Based on the content of the text he is preaching on, we know that the exhortation Luther has in view is language that urges and encourages Christians to live in certain ways and not live in others.  He warns, “It does not do to think and say: ‘Well it is enough that the teaching has been given. Therefore, wherever the Spirit and faith are, there the fruits and good works will follow of themselves’” (LW 79:182). Things simply don’t work this way because the old Adam is still present.  Instead, exhortation is needed:


This is why we must not let people go away as if they did not need to be exhorted and urged through God’s Word to a good life.  No, you dare not be negligent and lazy here, for the flesh is already far too lazy in obeying the Spirit; yes, it is all too vigorous in opposing Him, as St. Paul says elsewhere: “The flesh desires against the Spirit,” etc., “so that you do not do what you want” [Gal 5:17] (LW 79:182).

Luther says that regular exhortation is needed.  This is an important corrective for today’s Lutheran “agnostic” approach to preaching.   Often, Lutheran pastors say things like:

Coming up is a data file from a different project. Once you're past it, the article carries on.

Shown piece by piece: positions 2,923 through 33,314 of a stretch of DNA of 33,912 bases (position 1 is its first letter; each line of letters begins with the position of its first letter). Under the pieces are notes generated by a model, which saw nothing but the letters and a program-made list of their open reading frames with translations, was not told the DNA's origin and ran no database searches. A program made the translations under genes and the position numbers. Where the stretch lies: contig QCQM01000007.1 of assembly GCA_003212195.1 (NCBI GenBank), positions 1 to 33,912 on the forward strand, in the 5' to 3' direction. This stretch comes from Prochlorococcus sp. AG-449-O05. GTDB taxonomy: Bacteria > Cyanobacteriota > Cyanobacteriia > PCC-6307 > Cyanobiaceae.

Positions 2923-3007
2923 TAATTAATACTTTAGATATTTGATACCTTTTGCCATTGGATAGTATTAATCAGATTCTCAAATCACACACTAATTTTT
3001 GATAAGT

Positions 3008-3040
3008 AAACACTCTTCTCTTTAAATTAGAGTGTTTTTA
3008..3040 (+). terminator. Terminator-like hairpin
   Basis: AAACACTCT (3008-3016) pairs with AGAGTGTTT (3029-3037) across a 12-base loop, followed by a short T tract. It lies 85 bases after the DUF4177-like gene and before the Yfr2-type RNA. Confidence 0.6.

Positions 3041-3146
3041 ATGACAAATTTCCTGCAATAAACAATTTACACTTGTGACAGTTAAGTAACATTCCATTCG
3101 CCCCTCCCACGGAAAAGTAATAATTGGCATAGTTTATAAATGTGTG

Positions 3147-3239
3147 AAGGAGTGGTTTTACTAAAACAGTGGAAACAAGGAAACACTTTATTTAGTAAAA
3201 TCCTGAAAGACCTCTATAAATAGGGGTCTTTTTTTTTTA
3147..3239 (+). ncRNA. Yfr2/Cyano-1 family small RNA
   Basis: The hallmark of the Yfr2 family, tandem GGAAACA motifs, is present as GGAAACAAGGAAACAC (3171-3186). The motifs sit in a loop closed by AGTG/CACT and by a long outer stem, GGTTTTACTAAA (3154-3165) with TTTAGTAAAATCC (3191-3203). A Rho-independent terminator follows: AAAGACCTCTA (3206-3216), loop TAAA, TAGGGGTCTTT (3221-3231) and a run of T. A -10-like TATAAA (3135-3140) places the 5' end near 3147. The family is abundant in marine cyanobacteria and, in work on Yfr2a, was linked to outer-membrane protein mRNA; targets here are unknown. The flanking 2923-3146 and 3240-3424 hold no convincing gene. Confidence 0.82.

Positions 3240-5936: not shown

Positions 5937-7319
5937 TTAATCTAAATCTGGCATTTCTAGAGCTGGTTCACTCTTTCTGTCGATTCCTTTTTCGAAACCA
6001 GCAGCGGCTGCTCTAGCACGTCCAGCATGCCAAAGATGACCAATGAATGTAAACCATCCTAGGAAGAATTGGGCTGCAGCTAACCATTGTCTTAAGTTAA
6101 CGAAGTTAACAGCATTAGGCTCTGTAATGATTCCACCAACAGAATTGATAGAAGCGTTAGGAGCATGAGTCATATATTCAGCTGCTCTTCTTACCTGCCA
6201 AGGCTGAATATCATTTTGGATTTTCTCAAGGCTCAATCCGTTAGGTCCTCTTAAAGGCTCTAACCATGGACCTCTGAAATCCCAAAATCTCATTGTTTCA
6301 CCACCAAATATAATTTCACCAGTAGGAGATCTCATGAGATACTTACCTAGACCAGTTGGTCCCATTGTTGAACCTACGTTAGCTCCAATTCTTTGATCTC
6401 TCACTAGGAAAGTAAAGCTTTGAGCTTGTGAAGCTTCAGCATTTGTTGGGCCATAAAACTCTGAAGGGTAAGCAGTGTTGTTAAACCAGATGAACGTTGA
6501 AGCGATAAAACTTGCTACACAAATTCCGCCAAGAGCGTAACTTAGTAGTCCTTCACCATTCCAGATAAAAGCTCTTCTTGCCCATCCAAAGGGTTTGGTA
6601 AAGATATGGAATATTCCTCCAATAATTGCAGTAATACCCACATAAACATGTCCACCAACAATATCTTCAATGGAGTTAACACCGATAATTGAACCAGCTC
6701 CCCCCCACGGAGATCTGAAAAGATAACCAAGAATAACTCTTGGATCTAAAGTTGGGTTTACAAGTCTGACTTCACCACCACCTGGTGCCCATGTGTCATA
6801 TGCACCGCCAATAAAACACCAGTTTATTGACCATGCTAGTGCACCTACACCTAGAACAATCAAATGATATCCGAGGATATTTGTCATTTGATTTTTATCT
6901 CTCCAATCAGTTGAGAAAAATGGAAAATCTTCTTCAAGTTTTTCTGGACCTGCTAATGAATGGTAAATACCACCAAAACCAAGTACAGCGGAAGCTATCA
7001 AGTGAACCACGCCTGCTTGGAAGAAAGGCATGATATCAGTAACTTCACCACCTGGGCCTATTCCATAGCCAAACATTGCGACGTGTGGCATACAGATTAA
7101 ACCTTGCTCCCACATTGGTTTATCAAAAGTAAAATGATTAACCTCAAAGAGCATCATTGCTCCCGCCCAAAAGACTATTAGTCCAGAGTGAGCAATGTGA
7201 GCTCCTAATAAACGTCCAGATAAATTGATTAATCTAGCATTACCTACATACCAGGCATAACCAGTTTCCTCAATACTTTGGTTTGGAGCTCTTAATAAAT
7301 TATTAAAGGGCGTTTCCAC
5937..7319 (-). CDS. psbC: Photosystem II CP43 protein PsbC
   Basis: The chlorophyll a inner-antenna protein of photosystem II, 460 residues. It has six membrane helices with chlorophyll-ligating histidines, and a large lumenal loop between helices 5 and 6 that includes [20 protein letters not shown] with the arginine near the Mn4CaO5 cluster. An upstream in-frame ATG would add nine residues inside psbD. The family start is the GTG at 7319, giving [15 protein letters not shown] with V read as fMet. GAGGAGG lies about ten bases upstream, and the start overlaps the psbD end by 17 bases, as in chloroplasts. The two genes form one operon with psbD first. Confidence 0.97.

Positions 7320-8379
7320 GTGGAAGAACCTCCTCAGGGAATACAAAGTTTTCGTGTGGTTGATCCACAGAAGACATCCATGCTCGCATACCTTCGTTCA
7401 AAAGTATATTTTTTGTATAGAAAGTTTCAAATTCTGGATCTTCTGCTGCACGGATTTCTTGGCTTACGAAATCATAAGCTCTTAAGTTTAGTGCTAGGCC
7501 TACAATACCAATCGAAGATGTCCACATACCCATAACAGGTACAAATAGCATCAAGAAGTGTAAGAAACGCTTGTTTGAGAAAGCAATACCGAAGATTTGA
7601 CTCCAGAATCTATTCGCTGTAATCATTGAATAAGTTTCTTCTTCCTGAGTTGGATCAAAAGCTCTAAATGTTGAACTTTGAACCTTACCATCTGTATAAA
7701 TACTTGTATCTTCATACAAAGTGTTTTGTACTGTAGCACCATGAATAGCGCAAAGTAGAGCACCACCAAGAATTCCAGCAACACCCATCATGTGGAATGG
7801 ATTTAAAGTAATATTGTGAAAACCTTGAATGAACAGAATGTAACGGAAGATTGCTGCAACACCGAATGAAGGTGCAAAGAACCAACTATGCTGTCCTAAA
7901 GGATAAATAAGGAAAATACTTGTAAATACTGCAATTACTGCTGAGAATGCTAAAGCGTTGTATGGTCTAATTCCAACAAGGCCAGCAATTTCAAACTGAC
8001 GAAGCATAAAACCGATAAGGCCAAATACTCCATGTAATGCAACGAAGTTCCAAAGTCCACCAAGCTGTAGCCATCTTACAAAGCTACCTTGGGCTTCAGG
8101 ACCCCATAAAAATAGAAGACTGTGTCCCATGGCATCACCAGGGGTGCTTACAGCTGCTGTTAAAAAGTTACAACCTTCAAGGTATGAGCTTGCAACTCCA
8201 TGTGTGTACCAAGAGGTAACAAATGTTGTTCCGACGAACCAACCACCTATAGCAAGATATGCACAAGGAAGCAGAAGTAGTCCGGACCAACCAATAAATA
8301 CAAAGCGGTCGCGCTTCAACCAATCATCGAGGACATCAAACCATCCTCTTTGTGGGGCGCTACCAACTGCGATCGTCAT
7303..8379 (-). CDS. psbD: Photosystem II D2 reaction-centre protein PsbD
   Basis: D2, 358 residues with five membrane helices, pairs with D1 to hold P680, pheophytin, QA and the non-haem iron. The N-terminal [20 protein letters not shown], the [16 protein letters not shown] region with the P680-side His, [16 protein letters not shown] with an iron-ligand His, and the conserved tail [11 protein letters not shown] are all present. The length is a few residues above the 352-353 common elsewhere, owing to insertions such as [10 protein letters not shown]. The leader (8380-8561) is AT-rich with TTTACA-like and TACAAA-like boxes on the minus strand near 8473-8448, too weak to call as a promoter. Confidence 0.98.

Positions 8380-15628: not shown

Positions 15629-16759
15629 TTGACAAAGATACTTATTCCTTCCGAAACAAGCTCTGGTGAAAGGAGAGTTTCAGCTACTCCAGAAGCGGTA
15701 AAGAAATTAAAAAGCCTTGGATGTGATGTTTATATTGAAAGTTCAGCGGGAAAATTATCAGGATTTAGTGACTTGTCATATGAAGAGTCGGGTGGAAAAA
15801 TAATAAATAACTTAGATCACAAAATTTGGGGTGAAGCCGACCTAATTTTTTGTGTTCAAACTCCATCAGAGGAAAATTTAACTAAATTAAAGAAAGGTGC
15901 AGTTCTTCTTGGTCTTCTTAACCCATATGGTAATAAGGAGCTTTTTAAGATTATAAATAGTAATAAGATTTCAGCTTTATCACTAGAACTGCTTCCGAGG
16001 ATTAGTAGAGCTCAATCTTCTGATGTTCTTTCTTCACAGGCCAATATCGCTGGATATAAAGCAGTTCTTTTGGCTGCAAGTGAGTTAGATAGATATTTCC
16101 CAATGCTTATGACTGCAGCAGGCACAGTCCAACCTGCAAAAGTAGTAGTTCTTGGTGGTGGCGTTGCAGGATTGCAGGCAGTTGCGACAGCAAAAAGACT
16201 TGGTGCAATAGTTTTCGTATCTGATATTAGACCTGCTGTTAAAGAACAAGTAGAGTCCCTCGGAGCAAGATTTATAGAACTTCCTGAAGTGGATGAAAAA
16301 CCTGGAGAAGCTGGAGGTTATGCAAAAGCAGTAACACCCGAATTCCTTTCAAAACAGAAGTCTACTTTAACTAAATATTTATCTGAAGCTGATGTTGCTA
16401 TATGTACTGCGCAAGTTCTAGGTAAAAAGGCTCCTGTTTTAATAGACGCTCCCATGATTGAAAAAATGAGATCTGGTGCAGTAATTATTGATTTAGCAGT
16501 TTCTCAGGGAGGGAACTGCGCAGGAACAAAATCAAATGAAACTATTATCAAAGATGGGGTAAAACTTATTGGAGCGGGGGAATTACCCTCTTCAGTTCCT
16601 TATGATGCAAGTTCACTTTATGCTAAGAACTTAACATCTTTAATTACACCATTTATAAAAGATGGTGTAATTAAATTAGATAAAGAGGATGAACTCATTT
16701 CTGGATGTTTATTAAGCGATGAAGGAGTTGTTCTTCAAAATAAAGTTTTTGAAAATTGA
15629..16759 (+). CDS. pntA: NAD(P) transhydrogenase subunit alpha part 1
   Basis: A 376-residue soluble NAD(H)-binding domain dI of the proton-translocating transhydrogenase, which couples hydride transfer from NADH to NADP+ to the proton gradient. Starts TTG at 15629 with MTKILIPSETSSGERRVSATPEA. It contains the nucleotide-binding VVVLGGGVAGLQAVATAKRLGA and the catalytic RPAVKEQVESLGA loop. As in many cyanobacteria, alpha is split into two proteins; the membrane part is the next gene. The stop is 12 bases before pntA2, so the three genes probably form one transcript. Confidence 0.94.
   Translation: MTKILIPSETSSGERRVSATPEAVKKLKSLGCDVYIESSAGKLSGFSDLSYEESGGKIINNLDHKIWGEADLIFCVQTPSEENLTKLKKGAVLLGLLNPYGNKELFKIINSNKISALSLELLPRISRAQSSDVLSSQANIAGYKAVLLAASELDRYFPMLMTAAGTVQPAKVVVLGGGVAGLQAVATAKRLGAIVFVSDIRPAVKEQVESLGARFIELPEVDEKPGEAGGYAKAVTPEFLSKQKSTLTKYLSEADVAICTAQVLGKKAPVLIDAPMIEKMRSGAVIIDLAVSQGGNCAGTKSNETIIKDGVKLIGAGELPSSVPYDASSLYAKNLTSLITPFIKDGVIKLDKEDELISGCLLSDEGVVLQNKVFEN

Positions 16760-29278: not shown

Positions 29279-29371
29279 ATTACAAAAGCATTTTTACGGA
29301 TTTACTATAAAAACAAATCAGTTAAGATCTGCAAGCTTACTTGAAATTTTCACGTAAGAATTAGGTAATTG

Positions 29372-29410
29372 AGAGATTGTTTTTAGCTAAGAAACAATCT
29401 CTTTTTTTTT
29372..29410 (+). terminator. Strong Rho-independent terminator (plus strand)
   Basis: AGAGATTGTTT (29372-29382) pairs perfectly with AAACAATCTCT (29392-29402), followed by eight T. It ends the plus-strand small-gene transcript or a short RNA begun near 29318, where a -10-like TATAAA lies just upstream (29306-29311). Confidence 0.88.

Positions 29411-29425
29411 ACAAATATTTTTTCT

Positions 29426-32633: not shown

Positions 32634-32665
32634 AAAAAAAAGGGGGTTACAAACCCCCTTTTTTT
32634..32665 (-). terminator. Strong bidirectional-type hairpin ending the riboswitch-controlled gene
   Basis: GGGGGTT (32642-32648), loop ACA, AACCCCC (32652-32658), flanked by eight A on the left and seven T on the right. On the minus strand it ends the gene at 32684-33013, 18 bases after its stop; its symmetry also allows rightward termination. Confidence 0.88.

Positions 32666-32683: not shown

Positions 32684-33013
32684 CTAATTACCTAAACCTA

I think the preacher should just preach the text and have confidence the Holy Spirit will use it as he chooses.  The law always accuses and we can’t choose the use of the law.  Only the Spirit can do that.  So, when I preach I don’t worry about which use it is — I just preach the text and try to stay out of the Holy Spirit’s way.

While it is true that only the Holy Spirit can utilize the law to accomplish the effect on the hearer (the use) that he desires, this does not negate the fact that because of the old Adam pastors need regularly to include exhortation in their preaching. That is the apostolic model for addressing Christians that has been provided by the Spirit in Scripture.  That is what Luther says explicitly in this sermon – a sermon cited by Formula of Concord Article VI in order to aid our understanding of what the confessors mean.  Paul could not control how the Spirit utilized the law any more than we can, and yet he constantly exhorts those who are hearing him (Paul's letters were received as the equivalent of the apostle speaking to the congregation).  This inspired, apostolic model has provided the content of Luther's instruction to us.